The aim of the thesis was to investigate the use of biomarkers for trial design in non-demented subjects with AD. In addition, we investigated the perceived usefulness of biomarkers in clinical practice. In chapter 2 .1 we found that biomarkers and cognitive markers showed a temporal order of change and that the markers showed different rates of decline in subjects with AD-asymptomatic, AD-MCI and AD-dementia. CSF Aß1-42 reached the maximum abnormality level in the asymptomatic stage and CSF tau in the MCI stage. The imaging and cognitive markers started to change in the asymptomatic stage and became abnormal in the MCI stage. The rate of change in these markers increased with increasing disease severity. The pattern of decline was distinct from that of subject without amyloid pathology, which showed a more benign pattern of change. Our results are, with some exceptions, in accordance to the hypothetical model of dynamic changes and may be helpful to determine stage specific outcome measures for clinical trials. In chapter 2.2 we studied the association of CSF Aβ 1-42 in non-demented subjects with SCD or MCI. We found that lower CSF Aβ 1-42 levels within the normal range are predictive for faster clinical progression in non-demented memory clinic subjects. This effect was more evident in subjects with MCI. For both SCD and MCI subjects, the predictive value of CSF Aβ 1-42 levels was stronger than CSF tau or p-tau levels. These results suggest that low normal CSF Aβ 1-42 levels could reflect the earliest changes in the brain that are relevant for AD. In chapter 2.3 we defined a cutoff for CSF aß1-42 with the use of data driven Gaussian mixture modelling. With Gaussian mixture modelling one assumes that the data are a mix sampled from two different distributions, which represent a normal and an abnormal population. With this method we determined a cutoff for abnormal CSF aß1-42 levels at 680 pg/ml. This cutoff was independent of the cognitive stage and APOE genotype. The cutoff was higher in older than in younger subjects. The data driven cutoff was higher than our clinical diagnosis-based cutoff and had a better predictive accuracy for progression to AD-type dementia in non-demented subjects (HR 7.6 versus 5.2, p<0.01). Our new cutoff was similar to the amyloid PET derived cutoff for CSF aß1-42, implying a good correlation with amyloid pathology. II. Use of AD biomarkers for clinical trials and clinical practice. In chapter 3.1 we reviewed how AD biomarkers have been used in clinical trials for inclusion and as outcome so far. We showed that previous clinical trials used biomarkers mainly as outcome measure. In chapter 3.2 we investigated the influence of different inclusion criteria for preclinical and prodromal Alzheimer’s disease (AD) on changes in biomarkers and cognitive markers and on trial sample size estimates. We found that sample size varied widely according to the combination of inclusion criteria and outcome markers applied. The smallest sample size needed to show a treatment effect was estimated for subjects with normal cognition or MCI who had both abnormal amyloid and injury markers at baseline, using brain volumetric markers as outcome measure. In chapter 3.3 we performed a survey among European neurologists with specialisation in neurodegenerative diseases and assessed the attitude towards the utility of the concept MCI and usefulness of research criteria in clinical practice. Most respondents used the term MCI for diagnosis and in communication with patients and almost 70% of respondents used the research criteria. Use of research criteria for prodromal AD/MCI due to AD was perceived useful and considerable influenced the management of and communication to patients with MCI.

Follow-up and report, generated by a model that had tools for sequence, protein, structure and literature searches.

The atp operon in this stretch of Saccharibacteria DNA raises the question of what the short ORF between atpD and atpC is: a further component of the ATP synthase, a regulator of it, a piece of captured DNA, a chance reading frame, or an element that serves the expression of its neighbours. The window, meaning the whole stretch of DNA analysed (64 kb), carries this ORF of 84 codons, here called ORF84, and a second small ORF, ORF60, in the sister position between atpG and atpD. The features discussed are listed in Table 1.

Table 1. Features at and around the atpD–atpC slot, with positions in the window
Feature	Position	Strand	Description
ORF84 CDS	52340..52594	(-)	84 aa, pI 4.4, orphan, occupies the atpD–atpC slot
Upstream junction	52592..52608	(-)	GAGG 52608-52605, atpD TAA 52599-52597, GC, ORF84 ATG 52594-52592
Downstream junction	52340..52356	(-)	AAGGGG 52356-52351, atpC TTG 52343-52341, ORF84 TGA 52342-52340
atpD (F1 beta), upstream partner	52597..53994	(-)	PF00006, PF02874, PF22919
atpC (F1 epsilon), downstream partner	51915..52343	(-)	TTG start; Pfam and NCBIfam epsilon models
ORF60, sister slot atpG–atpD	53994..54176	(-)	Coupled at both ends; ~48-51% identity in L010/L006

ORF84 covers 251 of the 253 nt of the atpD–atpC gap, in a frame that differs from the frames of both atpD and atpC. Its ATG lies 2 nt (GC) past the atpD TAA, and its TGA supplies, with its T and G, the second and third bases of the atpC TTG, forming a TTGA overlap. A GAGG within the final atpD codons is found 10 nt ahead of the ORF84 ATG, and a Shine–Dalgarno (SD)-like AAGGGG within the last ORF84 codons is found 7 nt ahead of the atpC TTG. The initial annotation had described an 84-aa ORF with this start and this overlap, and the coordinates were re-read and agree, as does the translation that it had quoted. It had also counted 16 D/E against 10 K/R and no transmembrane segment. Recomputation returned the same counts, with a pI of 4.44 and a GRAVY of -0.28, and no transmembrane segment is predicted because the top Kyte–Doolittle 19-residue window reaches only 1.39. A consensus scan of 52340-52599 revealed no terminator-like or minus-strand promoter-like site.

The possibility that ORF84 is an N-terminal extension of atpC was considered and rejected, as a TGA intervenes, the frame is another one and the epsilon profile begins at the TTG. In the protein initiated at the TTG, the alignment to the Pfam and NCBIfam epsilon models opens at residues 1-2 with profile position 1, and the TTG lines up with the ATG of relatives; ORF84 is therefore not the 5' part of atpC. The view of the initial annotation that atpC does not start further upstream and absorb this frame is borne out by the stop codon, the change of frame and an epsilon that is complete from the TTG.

|Award date||14 Apr 2021|
|Place of Publication||amsterdam|
|Publication status||Published - 14 Apr 2021|
- Alzheimer's disease
- amyloid beta
- clinical trial
- clinical practice